Not entirely. A divorce does not revoke the choices in your health care directive. But if you named your former spouse as your health care agent, this designation is revoked by a divorce. One exception to this would be if you stated that the designation should survive divorce in your advance directives. Another exception would be if you somehow confirmed your intention to keep your former spouse as your health care agent in spite of a divorce.

After going through a divorce, it’s a good time to update your advance directives. If your former spouse was your health care agent, you will probably want to choose a new one. Further, it’s possible that this major life event may have caused you to rethink unrelated health care choices. You can rest assured that if you create your health care directive with FindLaw, you can update it at no charge for any reason for a full year after purchase.

If you have had a change of heart, you have the right to revoke your advance directives at any time. Under Utah law, there are several ways to revoke:

  • Write “void” across the document, tear it up, burn it, obliterate it, otherwise physically destroy it, or direct someone to do so on your behalf.
  • Create a written revocation. You need to sign and date this document or direct someone to do so for you.
  • Create new advance directives. If you do this, the newer documents will revoke the prior ones to the extent that the documents conflict.
  • If there is no other option available to you, you can verbally express your intention to revoke in front of an adult witness.

Note that there are restrictions on your choice of witnesses for a verbal revocation. These are similar to the health care directive witness restrictions covered above. The restrictions disqualify your relatives, beneficiaries, heirs, health care agent, and health care workers. In other words, anyone who could be biased or has a conflict of interest may not witness the oral revocation.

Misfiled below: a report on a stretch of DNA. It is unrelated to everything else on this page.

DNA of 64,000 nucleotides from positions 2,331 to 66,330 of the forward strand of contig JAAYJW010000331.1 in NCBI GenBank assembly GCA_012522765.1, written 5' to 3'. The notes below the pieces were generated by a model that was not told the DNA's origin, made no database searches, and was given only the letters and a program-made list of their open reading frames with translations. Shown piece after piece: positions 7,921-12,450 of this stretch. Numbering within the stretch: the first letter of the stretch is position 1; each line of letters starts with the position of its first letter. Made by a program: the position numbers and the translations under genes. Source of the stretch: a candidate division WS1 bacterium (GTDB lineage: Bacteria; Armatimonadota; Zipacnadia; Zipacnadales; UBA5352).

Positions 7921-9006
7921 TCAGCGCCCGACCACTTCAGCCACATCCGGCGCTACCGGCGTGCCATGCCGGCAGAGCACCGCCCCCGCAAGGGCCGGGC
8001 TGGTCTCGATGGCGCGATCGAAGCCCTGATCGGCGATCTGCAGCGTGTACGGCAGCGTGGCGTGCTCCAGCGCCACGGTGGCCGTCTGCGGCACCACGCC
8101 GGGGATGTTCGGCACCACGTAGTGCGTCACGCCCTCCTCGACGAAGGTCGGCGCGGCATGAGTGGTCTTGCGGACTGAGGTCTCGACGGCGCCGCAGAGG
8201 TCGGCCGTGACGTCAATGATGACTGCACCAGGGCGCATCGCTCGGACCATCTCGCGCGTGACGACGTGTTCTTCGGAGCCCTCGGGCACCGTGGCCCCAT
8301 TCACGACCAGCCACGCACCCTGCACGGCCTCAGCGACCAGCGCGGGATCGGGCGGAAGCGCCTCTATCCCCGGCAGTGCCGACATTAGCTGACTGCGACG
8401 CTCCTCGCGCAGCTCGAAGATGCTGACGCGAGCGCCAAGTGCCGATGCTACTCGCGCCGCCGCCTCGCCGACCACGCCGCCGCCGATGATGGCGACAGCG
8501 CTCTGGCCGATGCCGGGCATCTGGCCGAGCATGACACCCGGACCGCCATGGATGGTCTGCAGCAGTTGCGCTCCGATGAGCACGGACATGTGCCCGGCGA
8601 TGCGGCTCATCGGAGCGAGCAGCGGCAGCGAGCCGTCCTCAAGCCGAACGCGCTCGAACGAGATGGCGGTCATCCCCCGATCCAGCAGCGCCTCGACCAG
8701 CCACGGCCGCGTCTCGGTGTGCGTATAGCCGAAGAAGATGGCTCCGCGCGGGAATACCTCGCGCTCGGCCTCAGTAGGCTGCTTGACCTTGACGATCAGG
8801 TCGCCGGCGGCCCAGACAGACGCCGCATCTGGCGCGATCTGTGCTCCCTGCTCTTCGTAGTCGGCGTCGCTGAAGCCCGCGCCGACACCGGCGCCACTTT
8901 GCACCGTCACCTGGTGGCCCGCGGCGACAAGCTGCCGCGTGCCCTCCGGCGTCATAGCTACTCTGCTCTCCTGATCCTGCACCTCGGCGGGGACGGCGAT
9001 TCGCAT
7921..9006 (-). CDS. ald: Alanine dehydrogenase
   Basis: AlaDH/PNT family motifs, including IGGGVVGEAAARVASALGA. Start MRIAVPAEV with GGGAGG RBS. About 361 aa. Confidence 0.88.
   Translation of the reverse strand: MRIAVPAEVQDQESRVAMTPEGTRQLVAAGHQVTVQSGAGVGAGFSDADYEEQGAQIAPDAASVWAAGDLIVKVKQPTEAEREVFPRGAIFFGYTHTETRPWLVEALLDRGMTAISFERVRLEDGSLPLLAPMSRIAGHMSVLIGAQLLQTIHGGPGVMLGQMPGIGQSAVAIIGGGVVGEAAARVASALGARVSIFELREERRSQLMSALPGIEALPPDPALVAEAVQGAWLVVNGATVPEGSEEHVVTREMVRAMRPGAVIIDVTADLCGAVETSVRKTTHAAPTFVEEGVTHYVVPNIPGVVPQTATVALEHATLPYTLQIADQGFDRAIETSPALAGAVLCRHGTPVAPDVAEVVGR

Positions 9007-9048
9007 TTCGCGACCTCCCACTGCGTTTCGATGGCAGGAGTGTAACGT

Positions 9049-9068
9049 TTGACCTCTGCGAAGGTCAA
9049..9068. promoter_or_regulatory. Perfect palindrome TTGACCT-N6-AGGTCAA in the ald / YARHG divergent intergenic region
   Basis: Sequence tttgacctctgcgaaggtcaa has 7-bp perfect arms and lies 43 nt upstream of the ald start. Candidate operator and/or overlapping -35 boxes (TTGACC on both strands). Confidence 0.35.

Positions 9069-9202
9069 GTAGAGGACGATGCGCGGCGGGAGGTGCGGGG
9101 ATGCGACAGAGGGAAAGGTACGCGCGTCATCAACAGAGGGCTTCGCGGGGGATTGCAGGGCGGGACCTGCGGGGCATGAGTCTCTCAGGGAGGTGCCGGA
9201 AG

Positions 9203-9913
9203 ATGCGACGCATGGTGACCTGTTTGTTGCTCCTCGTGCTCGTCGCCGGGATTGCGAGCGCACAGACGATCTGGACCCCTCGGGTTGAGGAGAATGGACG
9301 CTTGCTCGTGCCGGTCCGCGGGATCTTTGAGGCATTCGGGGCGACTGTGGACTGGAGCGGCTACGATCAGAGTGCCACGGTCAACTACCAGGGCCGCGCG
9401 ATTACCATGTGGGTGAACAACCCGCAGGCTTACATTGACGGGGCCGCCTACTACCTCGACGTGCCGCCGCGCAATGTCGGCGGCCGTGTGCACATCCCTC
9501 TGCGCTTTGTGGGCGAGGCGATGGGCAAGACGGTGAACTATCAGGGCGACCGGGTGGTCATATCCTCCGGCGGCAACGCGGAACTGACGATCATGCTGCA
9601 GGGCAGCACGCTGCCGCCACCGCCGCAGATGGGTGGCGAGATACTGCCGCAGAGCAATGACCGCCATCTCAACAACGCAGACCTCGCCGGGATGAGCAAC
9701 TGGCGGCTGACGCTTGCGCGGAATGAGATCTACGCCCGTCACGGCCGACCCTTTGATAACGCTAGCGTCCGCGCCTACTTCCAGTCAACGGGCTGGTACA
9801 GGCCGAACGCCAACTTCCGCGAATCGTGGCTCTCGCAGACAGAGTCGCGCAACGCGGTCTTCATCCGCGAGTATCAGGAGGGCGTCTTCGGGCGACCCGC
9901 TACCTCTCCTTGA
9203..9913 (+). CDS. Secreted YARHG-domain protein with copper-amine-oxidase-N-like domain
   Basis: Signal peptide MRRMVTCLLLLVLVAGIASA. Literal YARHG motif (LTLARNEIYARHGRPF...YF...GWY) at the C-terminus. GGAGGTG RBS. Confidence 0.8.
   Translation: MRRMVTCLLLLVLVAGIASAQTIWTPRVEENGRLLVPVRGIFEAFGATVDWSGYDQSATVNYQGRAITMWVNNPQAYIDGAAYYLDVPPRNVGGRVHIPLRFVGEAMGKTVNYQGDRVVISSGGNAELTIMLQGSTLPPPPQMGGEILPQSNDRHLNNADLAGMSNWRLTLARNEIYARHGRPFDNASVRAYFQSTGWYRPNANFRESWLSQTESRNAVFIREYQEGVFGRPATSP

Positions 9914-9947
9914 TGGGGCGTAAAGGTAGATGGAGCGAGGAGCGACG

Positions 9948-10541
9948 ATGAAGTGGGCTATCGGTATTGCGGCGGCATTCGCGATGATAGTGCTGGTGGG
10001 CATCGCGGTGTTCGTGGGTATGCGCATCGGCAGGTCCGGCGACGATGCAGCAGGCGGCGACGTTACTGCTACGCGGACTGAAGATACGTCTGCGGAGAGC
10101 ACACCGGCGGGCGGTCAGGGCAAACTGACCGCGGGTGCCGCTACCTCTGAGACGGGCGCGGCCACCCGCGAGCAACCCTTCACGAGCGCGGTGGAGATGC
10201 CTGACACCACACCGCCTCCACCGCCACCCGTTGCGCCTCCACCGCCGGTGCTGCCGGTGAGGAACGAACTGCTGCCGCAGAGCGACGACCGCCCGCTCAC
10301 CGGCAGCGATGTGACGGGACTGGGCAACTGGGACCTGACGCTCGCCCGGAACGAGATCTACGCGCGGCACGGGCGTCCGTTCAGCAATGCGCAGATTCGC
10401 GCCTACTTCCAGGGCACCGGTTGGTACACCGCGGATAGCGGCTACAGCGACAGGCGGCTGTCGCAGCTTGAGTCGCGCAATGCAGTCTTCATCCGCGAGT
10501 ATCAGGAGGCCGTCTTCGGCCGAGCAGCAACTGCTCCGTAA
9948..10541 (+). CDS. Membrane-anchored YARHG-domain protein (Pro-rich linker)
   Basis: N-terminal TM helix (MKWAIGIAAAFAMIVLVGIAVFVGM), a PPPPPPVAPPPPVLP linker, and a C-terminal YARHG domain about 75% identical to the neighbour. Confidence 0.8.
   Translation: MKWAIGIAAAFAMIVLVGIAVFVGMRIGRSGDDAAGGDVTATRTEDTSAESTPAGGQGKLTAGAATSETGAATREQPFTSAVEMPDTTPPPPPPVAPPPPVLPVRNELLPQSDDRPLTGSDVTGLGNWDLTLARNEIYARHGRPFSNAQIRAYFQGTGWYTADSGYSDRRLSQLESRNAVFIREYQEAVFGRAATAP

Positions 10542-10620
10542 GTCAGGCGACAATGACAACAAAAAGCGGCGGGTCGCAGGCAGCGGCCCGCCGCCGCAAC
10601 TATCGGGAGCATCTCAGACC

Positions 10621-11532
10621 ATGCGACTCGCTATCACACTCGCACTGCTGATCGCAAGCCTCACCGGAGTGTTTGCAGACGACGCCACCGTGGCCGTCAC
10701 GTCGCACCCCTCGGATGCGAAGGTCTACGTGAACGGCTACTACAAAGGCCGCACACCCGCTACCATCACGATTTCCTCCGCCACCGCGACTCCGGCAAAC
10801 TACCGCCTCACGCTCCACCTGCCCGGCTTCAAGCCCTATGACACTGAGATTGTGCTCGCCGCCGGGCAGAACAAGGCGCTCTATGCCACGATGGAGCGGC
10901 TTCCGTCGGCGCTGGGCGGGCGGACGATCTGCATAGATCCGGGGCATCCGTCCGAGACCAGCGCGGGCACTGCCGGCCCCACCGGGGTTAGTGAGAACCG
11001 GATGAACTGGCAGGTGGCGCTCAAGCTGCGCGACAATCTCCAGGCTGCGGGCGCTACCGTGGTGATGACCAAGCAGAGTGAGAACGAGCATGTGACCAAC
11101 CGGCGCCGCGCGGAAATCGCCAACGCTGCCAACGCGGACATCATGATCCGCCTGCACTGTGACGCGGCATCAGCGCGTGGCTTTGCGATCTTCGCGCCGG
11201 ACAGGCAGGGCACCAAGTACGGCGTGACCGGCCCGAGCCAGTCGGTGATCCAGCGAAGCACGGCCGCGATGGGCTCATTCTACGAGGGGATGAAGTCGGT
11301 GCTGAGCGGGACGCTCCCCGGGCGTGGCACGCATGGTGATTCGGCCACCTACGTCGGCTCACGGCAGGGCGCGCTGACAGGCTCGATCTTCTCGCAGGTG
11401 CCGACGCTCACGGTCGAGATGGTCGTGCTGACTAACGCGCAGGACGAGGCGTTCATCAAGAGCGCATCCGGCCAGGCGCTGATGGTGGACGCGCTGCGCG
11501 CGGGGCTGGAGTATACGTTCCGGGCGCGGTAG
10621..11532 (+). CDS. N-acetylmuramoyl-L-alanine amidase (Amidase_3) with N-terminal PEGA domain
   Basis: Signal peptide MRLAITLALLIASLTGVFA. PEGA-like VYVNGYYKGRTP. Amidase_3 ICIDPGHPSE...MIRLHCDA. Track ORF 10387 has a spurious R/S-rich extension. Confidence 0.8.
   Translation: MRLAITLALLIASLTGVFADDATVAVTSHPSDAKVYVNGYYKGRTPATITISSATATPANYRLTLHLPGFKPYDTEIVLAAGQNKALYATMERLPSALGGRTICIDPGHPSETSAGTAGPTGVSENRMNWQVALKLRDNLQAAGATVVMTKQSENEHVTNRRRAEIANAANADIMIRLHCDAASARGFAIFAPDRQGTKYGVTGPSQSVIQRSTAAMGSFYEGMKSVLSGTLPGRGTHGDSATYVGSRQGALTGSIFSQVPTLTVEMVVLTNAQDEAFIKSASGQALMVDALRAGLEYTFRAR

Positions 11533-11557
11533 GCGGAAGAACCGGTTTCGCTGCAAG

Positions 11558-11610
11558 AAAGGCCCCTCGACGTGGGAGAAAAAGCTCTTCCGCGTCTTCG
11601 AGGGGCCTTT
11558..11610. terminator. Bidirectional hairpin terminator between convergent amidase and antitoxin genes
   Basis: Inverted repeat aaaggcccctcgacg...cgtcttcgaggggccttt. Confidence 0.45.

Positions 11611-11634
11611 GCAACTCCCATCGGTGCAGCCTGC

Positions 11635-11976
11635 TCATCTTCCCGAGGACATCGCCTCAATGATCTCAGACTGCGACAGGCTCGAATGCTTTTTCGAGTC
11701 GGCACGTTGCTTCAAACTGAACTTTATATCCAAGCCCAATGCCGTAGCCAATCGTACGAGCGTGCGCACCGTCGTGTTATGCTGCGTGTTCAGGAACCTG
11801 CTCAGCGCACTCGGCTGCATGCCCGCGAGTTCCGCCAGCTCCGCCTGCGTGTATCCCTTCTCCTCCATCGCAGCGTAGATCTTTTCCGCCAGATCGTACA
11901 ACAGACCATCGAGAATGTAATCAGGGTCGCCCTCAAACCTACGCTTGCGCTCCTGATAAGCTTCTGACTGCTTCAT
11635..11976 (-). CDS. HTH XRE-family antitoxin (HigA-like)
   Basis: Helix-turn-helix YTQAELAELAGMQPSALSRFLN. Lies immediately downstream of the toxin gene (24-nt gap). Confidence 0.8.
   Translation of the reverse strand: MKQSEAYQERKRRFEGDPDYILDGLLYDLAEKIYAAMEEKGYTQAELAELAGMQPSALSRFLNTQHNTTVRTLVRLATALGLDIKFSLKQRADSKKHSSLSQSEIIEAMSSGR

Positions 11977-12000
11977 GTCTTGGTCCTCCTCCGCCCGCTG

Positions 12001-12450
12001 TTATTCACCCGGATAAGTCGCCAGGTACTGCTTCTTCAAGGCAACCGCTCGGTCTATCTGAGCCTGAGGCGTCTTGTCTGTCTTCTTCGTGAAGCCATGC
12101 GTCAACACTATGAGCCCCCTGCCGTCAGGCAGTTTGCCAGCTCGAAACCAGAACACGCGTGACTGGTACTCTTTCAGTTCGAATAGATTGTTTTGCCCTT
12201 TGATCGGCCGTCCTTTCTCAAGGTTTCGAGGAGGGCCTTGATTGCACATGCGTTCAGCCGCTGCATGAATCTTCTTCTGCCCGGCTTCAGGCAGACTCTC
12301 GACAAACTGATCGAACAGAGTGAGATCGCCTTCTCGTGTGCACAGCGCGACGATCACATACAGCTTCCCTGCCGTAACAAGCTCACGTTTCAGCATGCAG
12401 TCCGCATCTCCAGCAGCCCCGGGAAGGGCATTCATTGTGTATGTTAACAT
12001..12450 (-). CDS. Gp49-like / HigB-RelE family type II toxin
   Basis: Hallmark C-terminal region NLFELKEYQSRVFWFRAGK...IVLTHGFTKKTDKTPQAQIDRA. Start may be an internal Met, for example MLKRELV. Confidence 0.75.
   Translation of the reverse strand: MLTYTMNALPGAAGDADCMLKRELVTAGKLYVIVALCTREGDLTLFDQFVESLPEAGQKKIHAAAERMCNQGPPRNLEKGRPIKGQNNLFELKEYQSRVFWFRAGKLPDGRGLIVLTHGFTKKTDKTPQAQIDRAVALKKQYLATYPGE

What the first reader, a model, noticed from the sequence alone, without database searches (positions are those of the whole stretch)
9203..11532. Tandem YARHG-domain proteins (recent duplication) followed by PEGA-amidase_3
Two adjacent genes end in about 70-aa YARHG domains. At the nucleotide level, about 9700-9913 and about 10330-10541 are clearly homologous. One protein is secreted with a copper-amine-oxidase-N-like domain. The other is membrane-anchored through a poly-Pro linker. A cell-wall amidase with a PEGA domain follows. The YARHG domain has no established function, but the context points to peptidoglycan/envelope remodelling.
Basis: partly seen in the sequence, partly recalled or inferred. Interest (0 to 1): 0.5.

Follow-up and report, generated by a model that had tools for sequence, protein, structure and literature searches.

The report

You should only rely on a verbal revocation as a last resort. Creating a new health care directive is a better way of revoking a prior one. By choosing this method, you create a new record that makes your updated medical care wishes clear. This can be a great help to your health care agent, your medical team, and your loved ones in understanding your health care wishes. You can make a new health care directive with FindLaw’s easy guided process in about half an hour.

If you revoke your advance directives or create new ones, you should make sure to tell your health care agent, loved ones, and medical staff about the changes. This will keep them updated on your most current medical preferences.